See also:

  • John Campbell (2014). Roy Jenkins, a Well-Rounded Life. Jonathan Cape. ISBN 978-0-224-08750-6.

Arms

Coat of arms of Shirley Williams
Williams of Crosby Achievement.png
Coronet
A Coronet of a Baroness
Escutcheon
Per chevron Azure and Or three Lions passant guardant in pale counterchanged a Bordure engrailed Ermine
Motto
Quamdiu (Until)

Notes

  1. ^ The SDP later merged with the Liberal Party to form the Liberal Democrats.
  2. ^ "Index entry". FreeBMD. ONS. Retrieved 2014.
  3. ^ webperson@hw.ac.uk. "Heriot-Watt University Edinburgh: Honorary Graduates". www1.hw.ac.uk. Retrieved 2016.
  4. ^ Shirley Williams Climbing The Bookshelves: Autobiography of Shirley Williams, Virago, 2009, p. 206.
  5. ^ "Bfi | Film & Tv Database | Shirley Williams In Conversation". Ftvdb.bfi.org.uk. Retrieved 2010.
  6. ^ "THE RT HON SHIRLEY WILLIAMS - Public Lectures - Events - Newcastle University". ncl.ac.uk. Archived from the original on 16 February 2010.
  7. ^ "No. 53207". The London Gazette. 4 February 1993. p. 2049.
  8. ^ "Commission Establishes a 'Comité des Sages' on Social Policy", 4 October 1995 Retrieved 11 June 2011
  9. ^ Bilderberg Meetings official website 2010 attendee list "Archived copy". Archived from the original on 17 June 2010. Retrieved 2010.CS1 maint: archived copy as title (link)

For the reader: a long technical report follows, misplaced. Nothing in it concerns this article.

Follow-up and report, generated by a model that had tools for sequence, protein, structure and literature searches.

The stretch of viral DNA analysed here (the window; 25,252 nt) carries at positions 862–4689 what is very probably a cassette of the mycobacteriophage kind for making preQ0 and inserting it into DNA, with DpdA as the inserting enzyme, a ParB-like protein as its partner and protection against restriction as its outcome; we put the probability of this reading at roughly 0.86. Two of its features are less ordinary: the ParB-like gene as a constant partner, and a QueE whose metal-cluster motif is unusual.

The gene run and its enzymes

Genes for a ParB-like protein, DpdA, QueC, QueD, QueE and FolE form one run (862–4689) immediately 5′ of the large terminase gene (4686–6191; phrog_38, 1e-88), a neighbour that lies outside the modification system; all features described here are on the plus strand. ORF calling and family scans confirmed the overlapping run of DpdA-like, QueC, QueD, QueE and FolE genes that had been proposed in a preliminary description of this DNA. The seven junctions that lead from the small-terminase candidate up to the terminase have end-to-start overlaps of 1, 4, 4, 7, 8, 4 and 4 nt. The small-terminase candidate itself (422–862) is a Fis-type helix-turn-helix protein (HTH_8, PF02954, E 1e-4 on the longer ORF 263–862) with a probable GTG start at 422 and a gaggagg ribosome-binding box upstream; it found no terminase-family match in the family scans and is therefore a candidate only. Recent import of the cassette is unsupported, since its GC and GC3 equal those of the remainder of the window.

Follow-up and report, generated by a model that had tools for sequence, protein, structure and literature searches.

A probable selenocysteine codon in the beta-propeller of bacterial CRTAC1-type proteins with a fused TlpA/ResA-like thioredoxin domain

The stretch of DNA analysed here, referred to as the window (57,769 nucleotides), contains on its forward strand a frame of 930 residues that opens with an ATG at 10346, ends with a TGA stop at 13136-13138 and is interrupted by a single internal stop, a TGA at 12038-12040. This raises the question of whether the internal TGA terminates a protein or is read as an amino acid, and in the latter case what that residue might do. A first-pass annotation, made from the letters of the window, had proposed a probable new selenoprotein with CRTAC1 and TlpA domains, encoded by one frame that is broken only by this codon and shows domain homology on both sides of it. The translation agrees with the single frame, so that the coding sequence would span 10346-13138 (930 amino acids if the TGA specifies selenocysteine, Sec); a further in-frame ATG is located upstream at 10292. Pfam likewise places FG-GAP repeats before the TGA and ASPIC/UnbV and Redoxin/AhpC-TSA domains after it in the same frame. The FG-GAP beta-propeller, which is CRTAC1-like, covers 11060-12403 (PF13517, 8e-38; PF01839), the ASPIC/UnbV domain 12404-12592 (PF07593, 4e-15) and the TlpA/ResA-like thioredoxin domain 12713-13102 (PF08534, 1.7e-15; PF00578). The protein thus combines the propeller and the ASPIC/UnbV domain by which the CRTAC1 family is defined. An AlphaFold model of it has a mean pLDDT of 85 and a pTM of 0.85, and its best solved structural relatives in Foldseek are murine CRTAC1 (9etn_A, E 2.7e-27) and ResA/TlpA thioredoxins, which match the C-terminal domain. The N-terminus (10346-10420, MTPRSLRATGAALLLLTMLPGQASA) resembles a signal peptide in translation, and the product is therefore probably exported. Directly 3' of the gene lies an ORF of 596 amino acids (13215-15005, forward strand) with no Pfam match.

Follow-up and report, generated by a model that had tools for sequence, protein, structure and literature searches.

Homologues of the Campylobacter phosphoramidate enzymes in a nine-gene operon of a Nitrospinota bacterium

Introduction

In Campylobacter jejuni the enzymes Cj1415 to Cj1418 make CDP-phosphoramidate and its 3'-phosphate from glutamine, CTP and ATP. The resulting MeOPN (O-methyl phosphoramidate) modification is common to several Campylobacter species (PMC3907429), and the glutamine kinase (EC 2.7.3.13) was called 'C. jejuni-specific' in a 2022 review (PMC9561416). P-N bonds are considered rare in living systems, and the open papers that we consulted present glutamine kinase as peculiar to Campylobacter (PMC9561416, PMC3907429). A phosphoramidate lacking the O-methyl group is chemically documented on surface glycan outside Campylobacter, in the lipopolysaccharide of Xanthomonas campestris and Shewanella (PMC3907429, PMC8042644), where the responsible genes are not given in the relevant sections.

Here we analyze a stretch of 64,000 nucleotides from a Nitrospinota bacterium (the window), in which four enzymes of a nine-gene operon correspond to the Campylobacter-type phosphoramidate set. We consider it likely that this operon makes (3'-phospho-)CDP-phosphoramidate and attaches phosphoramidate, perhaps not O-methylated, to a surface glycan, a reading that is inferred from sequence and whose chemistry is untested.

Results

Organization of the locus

10. ^ Borger, Julian (8 September 2009). "Nuclear-free world ultimate aim of new cross-party pressure group". The Guardian. London.
  11. ^ Helm, Toby (12 March 2011). "Shirley Williams urges Lib Dems to fight Andrew Lansley's NHS plan". The Guardian. Manchester. Retrieved 2012.
  12. ^ Williams, Shirley (3 February 2012). "Our NHS bill amendments represent a major concession by the government". The Guardian. Manchester. Retrieved 2012.
  13. ^ Toynbee, Polly (12 March 2012). "Sorry, Shirley Williams, but I have to nail your health bill myths". The Guardian. Manchester, UK. Retrieved 2012.
  14. ^ Trilling, Daniel (11 March 2012). "Could NHS reform be the Lib Dems' downfall?". New Statesman. UK. Retrieved 2012.
  15. ^ Wintour, Patrick (11 March 2012). "How Nick Clegg and Shirley Williams lost the great NHS debate". The Guardian. Manchester. Retrieved 2012.
  16. ^ "House of Lords 17 June 2013". Hansard. 17 June 2013.
  17. ^ correspondent, Rowena Mason Political. "Shirley Williams to retire from Lords after 50 years in politics". the Guardian. Retrieved 2015.